The day kicked off like any other day. Birds flying from this tree and perching on the next. Vincent Sifuna woke up on that Saturday morning, moved out of his makeshift house that looked as though it would come down, tumbling on him any time without warning.
He stretched. Yawned. Threw his faint eyes at the far end of the village, far away into the horizon before he looked for a place he could sit as he awaits the rising of the morning sun. His stomach grumbled, as though reminding him that the fact that he had not eaten anything the previous night was not “fake news.”
As he sat down, one could tell, from a distance that the man was lost in deep thought. Once in a while, he would scratch his fingers and sometimes his toes. One would think it is just a normal routine scratch like one would do from time to time.
A closer look reveals a different man. From a distance, Vincent Sifuna looks fine but at a closer look, the man isn’t fine at all. He is in constant pain. Constant itching. Lost hope and the fear of the unknown. His eyes tells it all. He has no future of seeing tomorrow.
His fingers are bent and his nails are elongated and detached from most of their positions. They looked scary. His toes are also bent; one facing South and the other East. You might be forgiven for thinking that both feet had quarreled and agreed to disagree, never to face each other again.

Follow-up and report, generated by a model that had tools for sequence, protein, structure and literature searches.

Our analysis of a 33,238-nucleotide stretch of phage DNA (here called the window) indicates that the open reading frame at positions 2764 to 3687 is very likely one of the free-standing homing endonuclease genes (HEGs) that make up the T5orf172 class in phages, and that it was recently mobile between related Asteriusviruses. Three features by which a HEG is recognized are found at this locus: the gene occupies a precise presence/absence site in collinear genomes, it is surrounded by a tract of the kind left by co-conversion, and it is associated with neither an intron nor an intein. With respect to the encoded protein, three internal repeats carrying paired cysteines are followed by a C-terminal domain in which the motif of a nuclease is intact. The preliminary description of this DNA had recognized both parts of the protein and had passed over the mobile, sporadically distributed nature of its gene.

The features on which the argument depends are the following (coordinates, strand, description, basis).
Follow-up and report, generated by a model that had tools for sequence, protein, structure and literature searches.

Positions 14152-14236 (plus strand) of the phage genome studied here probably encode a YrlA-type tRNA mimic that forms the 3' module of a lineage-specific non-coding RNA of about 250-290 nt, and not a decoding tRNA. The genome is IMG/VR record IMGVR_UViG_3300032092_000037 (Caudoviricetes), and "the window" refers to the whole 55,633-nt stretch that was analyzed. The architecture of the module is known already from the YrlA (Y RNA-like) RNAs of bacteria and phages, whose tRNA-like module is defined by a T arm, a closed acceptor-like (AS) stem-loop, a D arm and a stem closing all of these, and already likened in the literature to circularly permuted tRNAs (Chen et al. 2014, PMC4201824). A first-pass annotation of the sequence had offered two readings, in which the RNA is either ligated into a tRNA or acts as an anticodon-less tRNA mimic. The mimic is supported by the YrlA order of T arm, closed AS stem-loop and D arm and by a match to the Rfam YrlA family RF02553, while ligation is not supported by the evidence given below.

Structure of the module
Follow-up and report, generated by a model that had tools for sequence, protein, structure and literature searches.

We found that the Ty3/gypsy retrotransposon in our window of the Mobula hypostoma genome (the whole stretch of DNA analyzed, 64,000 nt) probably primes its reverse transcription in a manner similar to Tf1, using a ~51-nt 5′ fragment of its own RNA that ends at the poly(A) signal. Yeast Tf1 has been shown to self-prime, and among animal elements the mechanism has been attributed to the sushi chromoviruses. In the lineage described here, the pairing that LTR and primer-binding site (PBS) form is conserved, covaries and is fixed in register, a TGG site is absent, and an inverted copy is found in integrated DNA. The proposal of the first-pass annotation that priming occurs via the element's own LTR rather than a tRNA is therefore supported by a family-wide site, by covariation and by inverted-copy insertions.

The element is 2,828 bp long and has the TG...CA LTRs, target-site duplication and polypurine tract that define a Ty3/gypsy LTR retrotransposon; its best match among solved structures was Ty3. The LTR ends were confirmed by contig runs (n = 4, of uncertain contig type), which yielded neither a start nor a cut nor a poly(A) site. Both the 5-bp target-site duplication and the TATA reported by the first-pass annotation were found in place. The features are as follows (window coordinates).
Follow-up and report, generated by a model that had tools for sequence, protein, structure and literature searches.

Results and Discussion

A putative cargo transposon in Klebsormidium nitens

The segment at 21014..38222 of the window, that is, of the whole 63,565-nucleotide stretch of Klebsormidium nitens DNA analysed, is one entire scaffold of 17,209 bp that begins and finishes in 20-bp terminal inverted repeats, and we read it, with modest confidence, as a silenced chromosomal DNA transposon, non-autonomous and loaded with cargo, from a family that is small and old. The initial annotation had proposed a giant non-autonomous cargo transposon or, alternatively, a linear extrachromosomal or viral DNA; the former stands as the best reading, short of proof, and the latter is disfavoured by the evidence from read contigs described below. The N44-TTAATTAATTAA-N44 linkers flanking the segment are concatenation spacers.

Truth then dawns in. Mr. Sifuna is infested with jiggers, a problem he has lived with for years. He lives alone with no one to look after him. He has no friends because most think that he is cursed or might spread the jiggers to them. Most of the time, he sits alone, waiting for home, crying from within.
Within Mr. Sifuna’s neighborhood, jigger menace is a common phenomenon. It is as though it is part of life. Most families, tired of trying to eradicate them resign to fate. Some have even accepted and nicknamed them as “cows”. You will someone saying, “Chino chikhafu chase,” (These are my cows), simply meaning, ‘these are my jiggers.’
The majority of the affected are the school-going children with some so badly damaged that they can’t even hold a pen in school. That is the kind of life that Sifuna goes through on a daily basis. Life of loneliness, not because you want to, but because the society judges you basing on something that you have no control over.
Safaricom Ndoto Zetu
That very day, little did Sifuna know that it was his day ya kuonekaniwa. Luckly, for him, Safaricom, through the Ndoto Zetu initiative was ‘taking the bull by the horns’ in the fight against jiggers in Sifuna’s village.
“Is this a dream? Is this a dream?” he keeps on asking as the amazing ladies from Safaricom ‘descended’ on his fingers, trimming his fingernails as well as toenails.
They then start treating his wounds caused by the jiggers. They wash his feet, hands and literally “massage” his feet.
“I feel like a new man,” says Sifuna in his local dialect, Bukusu.